“Initially I experienced dizziness, tightness, vomiting. Fatigue. …That’s why currently I’m not working because …I find it difficult because of the fatigue.”

Social and emotional support provided by partners, children and friends gave many interviewees the strength to continue through such difficulties. But others found that when depression was one of the side-effects, this discouraged them from seeing other people. Furthermore, patients who wanted to keep their infection secret could not get support of friends while taking treatment.

Managing multiple daily dosage times, a regimen of up to 19 pills a day (for those on triple therapy), medications that needed to be refrigerated and the weekly injections was also a challenge. Problems with clinic management and processes could also make adherence difficult. Low levels of staffing resulted in long waiting times and rushed interactions with clinicians, while inflexible clinic hours made it difficult for those in full-time employment to attend.

“That’s a pain. I mean, you wait around for hours. I mean, all I wanted today was a result on my blood test, and I've been here for three hours.”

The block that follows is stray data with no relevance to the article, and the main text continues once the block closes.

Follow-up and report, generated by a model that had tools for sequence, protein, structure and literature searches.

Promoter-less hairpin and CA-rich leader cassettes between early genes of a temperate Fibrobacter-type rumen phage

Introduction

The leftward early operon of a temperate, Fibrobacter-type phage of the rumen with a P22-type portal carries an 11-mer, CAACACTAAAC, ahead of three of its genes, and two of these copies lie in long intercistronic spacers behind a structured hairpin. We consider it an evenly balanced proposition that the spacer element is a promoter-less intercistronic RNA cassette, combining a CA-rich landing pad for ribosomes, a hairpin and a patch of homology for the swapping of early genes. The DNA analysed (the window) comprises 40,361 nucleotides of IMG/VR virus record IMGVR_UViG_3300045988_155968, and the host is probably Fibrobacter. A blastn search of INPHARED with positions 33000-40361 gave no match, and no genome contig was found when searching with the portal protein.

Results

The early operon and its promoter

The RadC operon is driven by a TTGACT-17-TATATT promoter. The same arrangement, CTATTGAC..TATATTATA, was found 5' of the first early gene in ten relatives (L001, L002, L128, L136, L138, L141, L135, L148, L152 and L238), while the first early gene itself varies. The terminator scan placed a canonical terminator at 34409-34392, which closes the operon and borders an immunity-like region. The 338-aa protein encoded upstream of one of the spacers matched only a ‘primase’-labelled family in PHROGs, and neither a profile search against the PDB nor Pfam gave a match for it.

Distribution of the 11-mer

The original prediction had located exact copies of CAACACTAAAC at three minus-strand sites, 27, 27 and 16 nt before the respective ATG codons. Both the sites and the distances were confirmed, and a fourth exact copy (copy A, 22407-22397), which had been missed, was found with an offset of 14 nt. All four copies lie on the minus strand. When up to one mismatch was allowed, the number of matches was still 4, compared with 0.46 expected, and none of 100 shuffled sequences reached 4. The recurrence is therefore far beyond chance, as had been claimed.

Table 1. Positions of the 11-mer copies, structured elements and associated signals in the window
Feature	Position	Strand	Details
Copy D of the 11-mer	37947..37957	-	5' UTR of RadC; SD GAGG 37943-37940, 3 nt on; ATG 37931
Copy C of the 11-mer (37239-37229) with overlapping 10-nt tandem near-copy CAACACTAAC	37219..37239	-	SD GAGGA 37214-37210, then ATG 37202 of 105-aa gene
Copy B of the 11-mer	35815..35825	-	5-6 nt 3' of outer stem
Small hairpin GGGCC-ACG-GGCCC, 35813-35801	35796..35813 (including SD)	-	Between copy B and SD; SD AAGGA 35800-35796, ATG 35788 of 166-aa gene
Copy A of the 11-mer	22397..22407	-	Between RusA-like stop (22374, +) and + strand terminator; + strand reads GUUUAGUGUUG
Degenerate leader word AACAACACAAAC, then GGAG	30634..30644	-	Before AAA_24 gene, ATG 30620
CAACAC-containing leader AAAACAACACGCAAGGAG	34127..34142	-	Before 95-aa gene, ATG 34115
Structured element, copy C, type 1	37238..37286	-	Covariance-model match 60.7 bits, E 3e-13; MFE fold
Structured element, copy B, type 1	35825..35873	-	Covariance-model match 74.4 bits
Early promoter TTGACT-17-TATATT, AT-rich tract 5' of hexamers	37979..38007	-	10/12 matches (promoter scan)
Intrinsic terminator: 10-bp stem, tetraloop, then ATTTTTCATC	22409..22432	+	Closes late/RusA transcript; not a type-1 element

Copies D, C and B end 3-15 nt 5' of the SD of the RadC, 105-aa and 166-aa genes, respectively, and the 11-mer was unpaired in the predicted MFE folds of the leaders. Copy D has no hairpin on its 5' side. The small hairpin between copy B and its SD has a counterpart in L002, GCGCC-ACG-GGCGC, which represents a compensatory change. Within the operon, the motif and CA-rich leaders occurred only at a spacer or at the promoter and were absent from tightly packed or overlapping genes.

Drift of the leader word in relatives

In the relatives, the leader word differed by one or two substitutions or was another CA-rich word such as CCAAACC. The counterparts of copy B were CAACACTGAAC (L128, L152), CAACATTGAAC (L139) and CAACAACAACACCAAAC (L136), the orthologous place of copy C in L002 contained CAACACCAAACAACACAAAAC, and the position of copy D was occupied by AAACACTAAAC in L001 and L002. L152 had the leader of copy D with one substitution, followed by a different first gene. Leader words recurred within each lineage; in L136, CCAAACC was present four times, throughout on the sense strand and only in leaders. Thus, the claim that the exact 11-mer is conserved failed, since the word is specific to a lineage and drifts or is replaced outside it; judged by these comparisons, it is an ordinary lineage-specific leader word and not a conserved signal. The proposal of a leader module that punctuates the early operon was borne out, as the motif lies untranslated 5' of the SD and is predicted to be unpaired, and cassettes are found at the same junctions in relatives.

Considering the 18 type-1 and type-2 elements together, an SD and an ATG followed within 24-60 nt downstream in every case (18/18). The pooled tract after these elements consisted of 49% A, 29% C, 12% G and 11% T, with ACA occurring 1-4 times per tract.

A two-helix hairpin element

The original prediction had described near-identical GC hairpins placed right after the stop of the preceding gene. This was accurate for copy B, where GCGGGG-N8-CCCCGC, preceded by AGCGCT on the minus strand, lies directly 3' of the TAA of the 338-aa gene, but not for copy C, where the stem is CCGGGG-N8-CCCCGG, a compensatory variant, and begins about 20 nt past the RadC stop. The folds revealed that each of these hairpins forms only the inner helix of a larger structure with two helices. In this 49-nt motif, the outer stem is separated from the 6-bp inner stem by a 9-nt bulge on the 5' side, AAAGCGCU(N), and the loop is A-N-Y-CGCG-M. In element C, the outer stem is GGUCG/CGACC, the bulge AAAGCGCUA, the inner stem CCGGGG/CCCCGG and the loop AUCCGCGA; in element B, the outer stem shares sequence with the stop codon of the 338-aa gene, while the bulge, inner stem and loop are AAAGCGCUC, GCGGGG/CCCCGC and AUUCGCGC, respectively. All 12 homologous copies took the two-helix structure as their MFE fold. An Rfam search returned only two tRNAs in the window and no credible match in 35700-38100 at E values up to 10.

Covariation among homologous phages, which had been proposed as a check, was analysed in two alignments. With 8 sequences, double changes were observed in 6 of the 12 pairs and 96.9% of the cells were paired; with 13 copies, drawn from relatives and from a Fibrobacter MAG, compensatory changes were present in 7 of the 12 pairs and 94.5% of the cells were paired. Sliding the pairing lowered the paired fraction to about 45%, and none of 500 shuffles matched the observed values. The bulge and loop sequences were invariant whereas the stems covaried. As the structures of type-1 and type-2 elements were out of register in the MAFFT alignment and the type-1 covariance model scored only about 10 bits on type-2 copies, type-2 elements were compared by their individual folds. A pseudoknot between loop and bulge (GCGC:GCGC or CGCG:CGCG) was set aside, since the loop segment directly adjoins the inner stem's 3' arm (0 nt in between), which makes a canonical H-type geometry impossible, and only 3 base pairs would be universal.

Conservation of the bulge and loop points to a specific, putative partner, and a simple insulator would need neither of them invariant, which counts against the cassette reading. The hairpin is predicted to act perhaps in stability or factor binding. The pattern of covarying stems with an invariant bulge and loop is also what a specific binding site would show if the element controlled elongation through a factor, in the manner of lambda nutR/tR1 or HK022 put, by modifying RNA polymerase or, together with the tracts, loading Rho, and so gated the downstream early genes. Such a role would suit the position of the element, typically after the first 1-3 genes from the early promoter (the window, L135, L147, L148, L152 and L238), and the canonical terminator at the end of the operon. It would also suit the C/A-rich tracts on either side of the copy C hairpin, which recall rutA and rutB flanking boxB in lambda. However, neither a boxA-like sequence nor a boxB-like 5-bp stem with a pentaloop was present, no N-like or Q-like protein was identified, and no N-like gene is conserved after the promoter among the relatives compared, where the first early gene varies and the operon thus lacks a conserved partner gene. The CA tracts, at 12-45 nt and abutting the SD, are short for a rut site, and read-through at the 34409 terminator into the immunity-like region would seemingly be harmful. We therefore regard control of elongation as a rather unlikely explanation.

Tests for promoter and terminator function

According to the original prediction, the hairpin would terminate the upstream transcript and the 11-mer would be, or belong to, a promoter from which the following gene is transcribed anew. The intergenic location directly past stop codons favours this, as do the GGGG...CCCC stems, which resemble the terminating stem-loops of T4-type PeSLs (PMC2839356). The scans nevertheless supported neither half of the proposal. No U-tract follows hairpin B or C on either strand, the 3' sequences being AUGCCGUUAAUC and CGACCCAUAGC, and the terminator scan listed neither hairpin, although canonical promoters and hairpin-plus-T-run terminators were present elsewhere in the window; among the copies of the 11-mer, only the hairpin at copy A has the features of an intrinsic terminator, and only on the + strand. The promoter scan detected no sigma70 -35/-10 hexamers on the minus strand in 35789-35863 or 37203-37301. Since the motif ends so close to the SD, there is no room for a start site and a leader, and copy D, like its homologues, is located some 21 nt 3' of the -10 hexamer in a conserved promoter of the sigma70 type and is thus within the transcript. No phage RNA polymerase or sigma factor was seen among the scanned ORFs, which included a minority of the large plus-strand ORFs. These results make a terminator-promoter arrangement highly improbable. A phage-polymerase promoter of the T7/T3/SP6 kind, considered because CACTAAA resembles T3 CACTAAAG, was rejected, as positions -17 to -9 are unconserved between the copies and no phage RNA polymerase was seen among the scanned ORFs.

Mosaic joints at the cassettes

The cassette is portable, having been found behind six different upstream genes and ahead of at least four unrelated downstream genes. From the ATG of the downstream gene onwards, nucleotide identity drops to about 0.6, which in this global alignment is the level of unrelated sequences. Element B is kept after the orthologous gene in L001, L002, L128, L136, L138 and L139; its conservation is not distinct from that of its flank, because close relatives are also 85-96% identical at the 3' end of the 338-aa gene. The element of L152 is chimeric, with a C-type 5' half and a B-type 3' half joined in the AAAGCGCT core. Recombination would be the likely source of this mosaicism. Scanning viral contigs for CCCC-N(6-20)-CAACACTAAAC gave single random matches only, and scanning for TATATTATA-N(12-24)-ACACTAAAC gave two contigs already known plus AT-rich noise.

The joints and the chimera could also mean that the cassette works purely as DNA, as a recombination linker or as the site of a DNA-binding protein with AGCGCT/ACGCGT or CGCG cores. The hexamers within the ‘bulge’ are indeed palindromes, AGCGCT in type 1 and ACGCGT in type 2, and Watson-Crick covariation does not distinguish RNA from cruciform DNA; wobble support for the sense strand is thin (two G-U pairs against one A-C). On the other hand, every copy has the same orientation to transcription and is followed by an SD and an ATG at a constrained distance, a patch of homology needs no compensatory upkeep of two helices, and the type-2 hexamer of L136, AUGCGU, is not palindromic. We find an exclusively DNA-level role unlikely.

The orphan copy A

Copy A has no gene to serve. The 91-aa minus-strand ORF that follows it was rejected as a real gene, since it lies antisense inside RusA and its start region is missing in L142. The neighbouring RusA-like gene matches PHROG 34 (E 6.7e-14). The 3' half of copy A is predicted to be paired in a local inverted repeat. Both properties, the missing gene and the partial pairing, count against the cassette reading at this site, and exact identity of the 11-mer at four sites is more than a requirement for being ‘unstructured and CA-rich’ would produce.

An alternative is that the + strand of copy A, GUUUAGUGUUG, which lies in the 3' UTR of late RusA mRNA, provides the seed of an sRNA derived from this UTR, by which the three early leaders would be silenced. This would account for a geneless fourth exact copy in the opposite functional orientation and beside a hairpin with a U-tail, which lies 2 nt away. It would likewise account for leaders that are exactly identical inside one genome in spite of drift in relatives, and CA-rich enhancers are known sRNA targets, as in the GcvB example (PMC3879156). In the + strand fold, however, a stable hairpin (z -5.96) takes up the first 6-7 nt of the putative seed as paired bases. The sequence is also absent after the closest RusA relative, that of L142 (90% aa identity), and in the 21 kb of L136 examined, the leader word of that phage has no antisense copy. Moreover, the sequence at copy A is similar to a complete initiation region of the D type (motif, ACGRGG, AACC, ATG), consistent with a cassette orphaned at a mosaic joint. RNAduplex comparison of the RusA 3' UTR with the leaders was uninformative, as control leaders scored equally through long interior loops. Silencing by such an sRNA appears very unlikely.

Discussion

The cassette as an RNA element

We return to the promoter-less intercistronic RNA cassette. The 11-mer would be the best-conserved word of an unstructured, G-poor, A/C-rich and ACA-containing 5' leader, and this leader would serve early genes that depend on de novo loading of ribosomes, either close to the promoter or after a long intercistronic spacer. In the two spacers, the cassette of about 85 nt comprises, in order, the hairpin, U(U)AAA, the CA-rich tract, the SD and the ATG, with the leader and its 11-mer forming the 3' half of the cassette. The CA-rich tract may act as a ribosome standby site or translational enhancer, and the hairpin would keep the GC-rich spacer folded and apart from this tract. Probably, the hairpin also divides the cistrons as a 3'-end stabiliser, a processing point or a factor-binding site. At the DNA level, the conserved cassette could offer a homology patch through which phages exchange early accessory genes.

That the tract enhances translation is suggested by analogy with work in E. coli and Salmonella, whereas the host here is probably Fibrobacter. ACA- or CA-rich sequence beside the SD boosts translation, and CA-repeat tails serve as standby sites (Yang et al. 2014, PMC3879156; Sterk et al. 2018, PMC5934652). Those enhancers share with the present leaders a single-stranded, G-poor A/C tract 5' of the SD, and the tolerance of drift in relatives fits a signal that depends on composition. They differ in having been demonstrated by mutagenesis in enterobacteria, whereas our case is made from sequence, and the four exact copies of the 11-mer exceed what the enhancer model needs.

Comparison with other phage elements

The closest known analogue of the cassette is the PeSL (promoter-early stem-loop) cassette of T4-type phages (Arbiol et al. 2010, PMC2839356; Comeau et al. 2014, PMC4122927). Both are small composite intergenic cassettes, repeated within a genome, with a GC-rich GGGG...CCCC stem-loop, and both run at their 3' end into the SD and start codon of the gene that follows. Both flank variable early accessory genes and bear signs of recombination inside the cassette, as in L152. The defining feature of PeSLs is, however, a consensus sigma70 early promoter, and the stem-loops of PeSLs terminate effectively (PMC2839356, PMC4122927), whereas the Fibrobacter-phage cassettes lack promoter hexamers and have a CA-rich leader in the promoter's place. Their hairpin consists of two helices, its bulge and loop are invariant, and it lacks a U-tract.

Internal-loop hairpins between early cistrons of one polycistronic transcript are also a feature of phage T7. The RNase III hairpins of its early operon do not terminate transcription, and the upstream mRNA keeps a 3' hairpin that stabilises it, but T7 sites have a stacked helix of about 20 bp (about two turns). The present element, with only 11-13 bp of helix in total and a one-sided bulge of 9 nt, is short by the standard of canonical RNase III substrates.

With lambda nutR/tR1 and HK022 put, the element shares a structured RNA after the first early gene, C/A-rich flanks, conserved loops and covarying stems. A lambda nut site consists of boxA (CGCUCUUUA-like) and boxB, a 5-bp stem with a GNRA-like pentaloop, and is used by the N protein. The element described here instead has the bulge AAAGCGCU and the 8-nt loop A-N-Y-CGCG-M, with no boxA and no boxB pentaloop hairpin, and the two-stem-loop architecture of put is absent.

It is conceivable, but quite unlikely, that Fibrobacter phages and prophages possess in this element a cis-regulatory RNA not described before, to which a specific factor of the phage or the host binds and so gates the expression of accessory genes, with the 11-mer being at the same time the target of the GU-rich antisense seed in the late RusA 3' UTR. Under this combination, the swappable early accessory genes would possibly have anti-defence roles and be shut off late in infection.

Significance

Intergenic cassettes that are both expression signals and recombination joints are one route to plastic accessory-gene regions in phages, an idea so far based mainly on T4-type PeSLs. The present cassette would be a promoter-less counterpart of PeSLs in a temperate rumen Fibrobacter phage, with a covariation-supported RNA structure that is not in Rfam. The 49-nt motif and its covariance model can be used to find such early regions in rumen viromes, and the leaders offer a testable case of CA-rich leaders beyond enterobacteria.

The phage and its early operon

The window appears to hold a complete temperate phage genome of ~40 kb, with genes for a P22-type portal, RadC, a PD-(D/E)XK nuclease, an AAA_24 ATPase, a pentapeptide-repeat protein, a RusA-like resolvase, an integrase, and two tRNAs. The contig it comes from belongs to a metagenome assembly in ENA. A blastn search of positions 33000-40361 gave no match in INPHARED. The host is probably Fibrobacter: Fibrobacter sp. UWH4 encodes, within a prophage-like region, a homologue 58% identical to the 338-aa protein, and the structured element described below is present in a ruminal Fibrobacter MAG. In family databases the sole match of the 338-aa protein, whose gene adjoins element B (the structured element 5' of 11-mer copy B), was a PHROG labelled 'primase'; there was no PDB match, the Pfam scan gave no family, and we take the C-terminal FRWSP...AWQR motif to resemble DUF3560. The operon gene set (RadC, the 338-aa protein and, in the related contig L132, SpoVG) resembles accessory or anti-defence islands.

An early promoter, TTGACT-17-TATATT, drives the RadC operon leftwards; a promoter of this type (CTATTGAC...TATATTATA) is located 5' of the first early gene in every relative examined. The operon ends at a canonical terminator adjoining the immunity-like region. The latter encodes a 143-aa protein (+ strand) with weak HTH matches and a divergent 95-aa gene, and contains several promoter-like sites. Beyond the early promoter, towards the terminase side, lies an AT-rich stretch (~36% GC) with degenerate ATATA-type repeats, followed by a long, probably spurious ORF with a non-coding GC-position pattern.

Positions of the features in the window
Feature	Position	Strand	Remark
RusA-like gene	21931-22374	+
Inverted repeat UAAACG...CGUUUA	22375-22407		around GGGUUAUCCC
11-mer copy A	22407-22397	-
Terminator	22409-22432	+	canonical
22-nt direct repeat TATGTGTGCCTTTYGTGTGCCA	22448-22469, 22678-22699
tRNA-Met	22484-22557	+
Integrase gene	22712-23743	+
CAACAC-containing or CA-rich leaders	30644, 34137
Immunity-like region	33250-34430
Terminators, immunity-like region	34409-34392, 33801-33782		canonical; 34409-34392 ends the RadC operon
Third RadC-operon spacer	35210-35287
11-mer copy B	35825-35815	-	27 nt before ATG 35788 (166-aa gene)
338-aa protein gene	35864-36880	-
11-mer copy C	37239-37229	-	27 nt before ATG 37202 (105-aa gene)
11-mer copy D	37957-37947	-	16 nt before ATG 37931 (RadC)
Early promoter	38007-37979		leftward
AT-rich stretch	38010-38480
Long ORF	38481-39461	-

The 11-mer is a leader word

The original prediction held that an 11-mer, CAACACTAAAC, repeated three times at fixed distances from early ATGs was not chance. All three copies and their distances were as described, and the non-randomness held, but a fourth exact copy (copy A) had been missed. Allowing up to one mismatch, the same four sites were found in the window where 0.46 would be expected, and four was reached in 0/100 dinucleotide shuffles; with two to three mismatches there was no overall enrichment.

Several interviewees said that being unemployed at the time helped them cope with the demands of the treatment, while others had decided to stop working.

Why do people persevere?

Given these challenges, why do people carry on and complete the treatment? The second study focuses on this question. Jack Clark and Allen Gifford began their research wanting to find out more about poor adherence and the reasons people drop out of care, but were instead struck by the way in which their interviewees described taking responsibility for completing the treatment.

Their in-depth interviews were conducted with patients at a US army veterans hospital near Boston. All but one were men, mostly in their fifties and sixties, who were frequently unmarried. All were taking or had taken pegylated interferon and ribavirin.

Some of the reasons for perseverance were consistent with the clinical rationale for treatment. Several said that they wanted to cure themselves of hepatitis C. Others thought that untreated hepatitis C would inevitably lead to cirrhosis, liver cancer or premature death, and wished to avoid this.

But these were never the sole motivations for sticking with treatment – and the other reasons had more of a moral sense. Many respondents presented perseverance as a virtue in its own right. They described the resolve, self-discipline and self-sacrifice it took to get through treatment.